This is an MSCI World Index tracker for example.

https://www.ssga.com/uk/en_gb/institutional/etfs/f...

Peloton and the other stocks on the screenshot will make you poor if you're invested in them but you'll have next to no exposure via broad global indexes.

Phooey

11,751 posts

146 months

Friday 13th May
quotequote all
Derek Chevalier said:
I think you may have linked to this Youtube channel before - this one is worth a watch.

https://www.youtube.com/watch?v=jjWmaRKmnEA
Thanks. As he hints at the end of the vid - for the amateur investor like myself it's probably best to avoid Factor investing and stick to simple global index investing, unless you know what you're doing. Probably more risk than reward in my case

Latest Vanguard article - https://www.vanguardinvestor.co.uk/articles/latest...


chip*

928 posts

205 months

Friday 13th May
quotequote all
Mr Whippy said:
It’s not just those is it though. There are hundreds.
Probably thousands if you take the time to look globally.

If you can’t ‘get it’ in 2 mins then it’s probably rubbish.

Yes yes one in a hundred might become Amazon… sad to miss out on it. Oh well.

Then all the ethically horrible stuff, like Roblox and gambling stuff. Yes you can make a great return, but I like to sleep at night too.

Wow look, if I buy this global tracker I’m giving money to people who make guns to shoot people dead too. Again, not great.


A global tracker with a customisable blacklist would be lovely.
"There are hundreds" - If you knew these obvious over valued companies, did you short them? If so, you would have made a killing.

Also, why do you need a global tracker with a customisable blacklist if you already know the (above) over valued companies i.e. due to your ability to discount the overvalued companies, I assume you trust your ability to buy the best performing individual stocks, right?

pquinn

3,409 posts

23 months

Friday 13th May
quotequote all
chip* said:
"There are hundreds" - If you knew these obvious over valued companies, did you short them? If so, you would have made a killing.
It's one thing to spot the obviously overvalued st - especially the fraudy pumps - it's another thing entirely to safely short it.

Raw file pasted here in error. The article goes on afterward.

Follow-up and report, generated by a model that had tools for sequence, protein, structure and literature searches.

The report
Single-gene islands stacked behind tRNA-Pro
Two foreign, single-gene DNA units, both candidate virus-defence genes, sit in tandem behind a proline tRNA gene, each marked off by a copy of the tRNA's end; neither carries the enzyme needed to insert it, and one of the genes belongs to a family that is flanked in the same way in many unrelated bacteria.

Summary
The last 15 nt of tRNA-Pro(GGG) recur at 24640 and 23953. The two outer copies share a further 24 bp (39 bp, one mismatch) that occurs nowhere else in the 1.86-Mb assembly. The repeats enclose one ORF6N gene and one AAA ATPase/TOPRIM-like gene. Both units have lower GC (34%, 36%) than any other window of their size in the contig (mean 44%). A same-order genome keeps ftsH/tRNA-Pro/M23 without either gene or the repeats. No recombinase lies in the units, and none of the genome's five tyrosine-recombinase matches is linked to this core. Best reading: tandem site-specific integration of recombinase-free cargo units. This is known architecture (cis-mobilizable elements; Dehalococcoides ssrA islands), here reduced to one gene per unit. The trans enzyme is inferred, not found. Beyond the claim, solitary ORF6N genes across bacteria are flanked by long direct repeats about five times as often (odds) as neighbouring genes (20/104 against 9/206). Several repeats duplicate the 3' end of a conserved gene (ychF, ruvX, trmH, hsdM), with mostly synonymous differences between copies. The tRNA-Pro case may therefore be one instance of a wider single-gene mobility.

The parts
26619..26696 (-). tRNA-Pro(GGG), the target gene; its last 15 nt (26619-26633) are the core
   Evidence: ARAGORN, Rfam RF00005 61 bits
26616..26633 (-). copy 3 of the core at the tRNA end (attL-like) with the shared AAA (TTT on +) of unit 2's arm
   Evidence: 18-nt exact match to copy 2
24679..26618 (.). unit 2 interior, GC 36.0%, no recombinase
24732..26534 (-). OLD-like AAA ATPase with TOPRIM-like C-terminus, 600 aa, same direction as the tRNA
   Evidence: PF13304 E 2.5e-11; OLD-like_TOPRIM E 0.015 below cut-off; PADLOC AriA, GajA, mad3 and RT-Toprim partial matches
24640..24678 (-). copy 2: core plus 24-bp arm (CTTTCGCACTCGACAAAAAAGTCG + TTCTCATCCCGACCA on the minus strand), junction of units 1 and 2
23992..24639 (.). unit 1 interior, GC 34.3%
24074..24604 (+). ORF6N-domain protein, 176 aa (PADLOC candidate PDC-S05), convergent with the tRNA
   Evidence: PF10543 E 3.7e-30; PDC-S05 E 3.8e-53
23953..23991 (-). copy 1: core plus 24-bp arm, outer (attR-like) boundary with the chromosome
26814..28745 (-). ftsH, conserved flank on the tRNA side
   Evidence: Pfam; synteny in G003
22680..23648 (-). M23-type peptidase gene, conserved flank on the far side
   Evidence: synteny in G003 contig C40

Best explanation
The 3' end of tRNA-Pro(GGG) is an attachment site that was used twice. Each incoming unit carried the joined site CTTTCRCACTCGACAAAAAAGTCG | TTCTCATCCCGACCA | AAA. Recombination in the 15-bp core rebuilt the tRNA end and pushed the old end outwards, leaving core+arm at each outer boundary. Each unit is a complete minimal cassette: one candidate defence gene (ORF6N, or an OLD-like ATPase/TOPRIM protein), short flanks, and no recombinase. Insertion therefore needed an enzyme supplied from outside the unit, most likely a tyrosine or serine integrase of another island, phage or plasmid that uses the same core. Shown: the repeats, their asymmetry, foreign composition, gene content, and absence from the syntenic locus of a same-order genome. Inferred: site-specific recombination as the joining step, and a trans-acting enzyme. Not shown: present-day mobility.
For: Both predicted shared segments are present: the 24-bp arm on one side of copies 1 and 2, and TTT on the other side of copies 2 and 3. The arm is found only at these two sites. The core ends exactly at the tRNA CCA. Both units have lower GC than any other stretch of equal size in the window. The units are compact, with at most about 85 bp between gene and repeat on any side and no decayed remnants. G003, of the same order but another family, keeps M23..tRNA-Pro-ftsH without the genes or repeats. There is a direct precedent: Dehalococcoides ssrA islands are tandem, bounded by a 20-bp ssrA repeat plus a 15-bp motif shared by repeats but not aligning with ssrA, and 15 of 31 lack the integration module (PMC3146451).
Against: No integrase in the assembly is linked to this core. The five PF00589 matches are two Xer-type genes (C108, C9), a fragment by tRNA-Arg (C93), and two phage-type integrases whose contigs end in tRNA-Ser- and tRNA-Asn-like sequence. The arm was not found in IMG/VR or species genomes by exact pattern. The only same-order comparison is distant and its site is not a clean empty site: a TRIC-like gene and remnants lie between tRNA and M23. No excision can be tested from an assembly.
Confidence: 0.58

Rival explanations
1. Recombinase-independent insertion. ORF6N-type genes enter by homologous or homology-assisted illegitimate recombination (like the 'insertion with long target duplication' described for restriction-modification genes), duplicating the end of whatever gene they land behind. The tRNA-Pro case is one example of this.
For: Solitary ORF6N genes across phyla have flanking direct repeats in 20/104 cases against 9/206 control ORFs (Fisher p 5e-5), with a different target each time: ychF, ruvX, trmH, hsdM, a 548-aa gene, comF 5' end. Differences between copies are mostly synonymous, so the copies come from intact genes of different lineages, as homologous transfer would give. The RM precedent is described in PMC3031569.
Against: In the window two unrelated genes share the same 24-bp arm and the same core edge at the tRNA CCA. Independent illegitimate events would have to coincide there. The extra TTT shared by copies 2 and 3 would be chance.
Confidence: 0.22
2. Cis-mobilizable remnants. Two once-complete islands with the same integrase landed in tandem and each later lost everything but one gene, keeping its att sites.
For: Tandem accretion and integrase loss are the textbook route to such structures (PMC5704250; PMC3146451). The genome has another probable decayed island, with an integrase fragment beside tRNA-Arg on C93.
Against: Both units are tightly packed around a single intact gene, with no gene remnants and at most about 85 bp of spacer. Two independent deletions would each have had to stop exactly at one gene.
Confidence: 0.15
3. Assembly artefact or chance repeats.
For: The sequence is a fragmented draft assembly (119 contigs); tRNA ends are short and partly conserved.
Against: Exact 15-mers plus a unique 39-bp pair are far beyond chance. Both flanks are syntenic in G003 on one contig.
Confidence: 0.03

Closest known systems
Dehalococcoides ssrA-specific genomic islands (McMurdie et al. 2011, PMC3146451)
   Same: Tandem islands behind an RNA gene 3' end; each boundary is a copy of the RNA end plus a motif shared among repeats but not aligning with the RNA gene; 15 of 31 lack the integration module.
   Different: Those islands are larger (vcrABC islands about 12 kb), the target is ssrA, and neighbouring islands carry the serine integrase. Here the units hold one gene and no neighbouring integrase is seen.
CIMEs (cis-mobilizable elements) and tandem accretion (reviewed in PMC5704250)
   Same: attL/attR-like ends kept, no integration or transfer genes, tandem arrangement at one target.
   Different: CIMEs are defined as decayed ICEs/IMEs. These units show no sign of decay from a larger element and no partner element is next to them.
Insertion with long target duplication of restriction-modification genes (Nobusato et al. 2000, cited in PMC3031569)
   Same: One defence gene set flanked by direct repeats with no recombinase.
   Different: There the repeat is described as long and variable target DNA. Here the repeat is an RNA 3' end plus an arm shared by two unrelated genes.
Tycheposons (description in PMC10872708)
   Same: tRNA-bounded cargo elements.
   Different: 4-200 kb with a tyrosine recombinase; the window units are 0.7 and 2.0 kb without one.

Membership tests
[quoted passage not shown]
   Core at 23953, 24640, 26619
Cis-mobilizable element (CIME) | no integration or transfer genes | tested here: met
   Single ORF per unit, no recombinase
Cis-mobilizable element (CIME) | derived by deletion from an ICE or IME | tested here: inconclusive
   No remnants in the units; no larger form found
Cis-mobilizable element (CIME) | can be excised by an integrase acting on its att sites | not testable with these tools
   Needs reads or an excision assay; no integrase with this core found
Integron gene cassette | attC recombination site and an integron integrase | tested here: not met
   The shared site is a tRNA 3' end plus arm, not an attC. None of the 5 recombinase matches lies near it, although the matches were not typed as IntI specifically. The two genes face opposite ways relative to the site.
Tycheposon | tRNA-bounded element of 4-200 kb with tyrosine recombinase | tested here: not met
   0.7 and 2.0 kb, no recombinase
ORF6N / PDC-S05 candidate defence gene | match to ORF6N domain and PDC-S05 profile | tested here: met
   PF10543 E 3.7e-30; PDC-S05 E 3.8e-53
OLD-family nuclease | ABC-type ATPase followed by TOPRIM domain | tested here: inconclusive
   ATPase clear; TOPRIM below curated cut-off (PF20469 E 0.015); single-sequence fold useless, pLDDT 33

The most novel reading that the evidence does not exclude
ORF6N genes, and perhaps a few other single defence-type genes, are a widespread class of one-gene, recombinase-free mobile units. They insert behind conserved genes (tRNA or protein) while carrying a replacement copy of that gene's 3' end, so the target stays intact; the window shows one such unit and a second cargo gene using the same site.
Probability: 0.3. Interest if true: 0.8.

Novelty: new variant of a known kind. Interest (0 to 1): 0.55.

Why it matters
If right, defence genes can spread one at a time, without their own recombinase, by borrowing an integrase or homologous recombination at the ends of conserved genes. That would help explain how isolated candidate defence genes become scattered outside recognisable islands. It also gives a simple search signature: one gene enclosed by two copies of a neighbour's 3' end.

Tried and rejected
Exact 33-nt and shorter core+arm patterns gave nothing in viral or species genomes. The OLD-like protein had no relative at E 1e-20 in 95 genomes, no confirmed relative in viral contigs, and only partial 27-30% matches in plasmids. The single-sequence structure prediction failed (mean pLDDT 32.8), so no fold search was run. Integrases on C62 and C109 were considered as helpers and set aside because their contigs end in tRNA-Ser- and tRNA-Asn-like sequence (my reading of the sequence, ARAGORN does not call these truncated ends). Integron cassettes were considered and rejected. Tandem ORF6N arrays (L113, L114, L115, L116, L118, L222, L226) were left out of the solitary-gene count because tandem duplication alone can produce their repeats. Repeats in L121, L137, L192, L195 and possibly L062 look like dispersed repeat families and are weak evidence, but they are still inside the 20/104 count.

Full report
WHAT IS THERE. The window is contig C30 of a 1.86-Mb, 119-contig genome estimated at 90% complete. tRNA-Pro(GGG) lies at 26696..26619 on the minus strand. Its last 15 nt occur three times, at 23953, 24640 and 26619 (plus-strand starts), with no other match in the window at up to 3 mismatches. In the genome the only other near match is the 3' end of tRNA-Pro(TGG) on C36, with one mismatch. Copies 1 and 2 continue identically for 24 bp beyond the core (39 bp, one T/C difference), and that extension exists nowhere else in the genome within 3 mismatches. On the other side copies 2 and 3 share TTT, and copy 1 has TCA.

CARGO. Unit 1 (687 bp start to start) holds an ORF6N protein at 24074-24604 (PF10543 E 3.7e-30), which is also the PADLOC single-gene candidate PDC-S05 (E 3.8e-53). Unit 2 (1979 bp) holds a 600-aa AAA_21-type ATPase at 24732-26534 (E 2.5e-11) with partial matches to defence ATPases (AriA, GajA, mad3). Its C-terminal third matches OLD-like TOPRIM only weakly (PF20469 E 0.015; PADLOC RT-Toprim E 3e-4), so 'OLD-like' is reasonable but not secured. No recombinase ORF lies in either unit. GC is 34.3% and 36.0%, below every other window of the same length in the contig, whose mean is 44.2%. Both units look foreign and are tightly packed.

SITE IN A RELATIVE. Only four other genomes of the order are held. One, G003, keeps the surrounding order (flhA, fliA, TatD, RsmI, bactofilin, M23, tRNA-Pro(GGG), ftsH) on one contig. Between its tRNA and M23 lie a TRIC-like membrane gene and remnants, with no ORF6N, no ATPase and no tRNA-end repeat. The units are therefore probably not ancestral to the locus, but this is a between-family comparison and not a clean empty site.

"The market can stay irrational longer than you can stay solvent."

LeoSayer

6,873 posts

221 months

Friday 13th May
quotequote all
Mr Whippy said:
A global tracker with a customisable blacklist would be lovely.
Why does it have to be customisable?

There are plenty of 'ethical' index funds.

ooid

3,120 posts

77 months

Friday 13th May
quotequote all
There used to be “frost fairs” in Thames I think up to 18th century? It is a good notion for “Time Horizon”, imho. biggrin



speedy_thrills

7,571 posts

220 months

Friday 13th May
quotequote all
ooid said:
There used to be “frost fairs” in Thames I think up to 18th century? It is a good notion for “Time Horizon”, imho. biggrin


Wasn't that due to a volcano eruption in Indonesia or something like that?

Derek Chevalier

3,433 posts

150 months

Friday 13th May
quotequote all
Mr Whippy said:
A global tracker with a customisable blacklist would be lovely.
Direct indexing

https://www.morningstar.com/articles/1052221/what-...

I hear occasional chat from the U.S. but haven't really seen it on the radar in the UK yet.

Derek Chevalier

3,433 posts

150 months

Friday 13th May
quotequote all
bhstewie said:
Mr Whippy said:
I’ll be honest I’ve not looked at constituents etc.

I assume global trackers hold a bit of everything? Or is it just S&P500, FTSE100, Nifty50 and all the big per-country indexes?

If so then that does protect you a bit from rubbish… but then probably not as diversified as one would think (ie, lots of weight in top end of S&P500)
You can download the constituents of most indexes.

This is an MSCI World Index tracker for example.

https://www.ssga.com/uk/en_gb/institutional/etfs/f...

Peloton and the other stocks on the screenshot will make you poor if you're invested in them but you'll have next to no exposure via broad global indexes.
Worth bearing in mind that MSCI world excludes developed small cap and all of EM, so will be slightly more concentrated than true global.

Slighly on topic - found this interesting re how index funds may be creating more volatility - buying the winners, therefore pushing up prices (iteratively).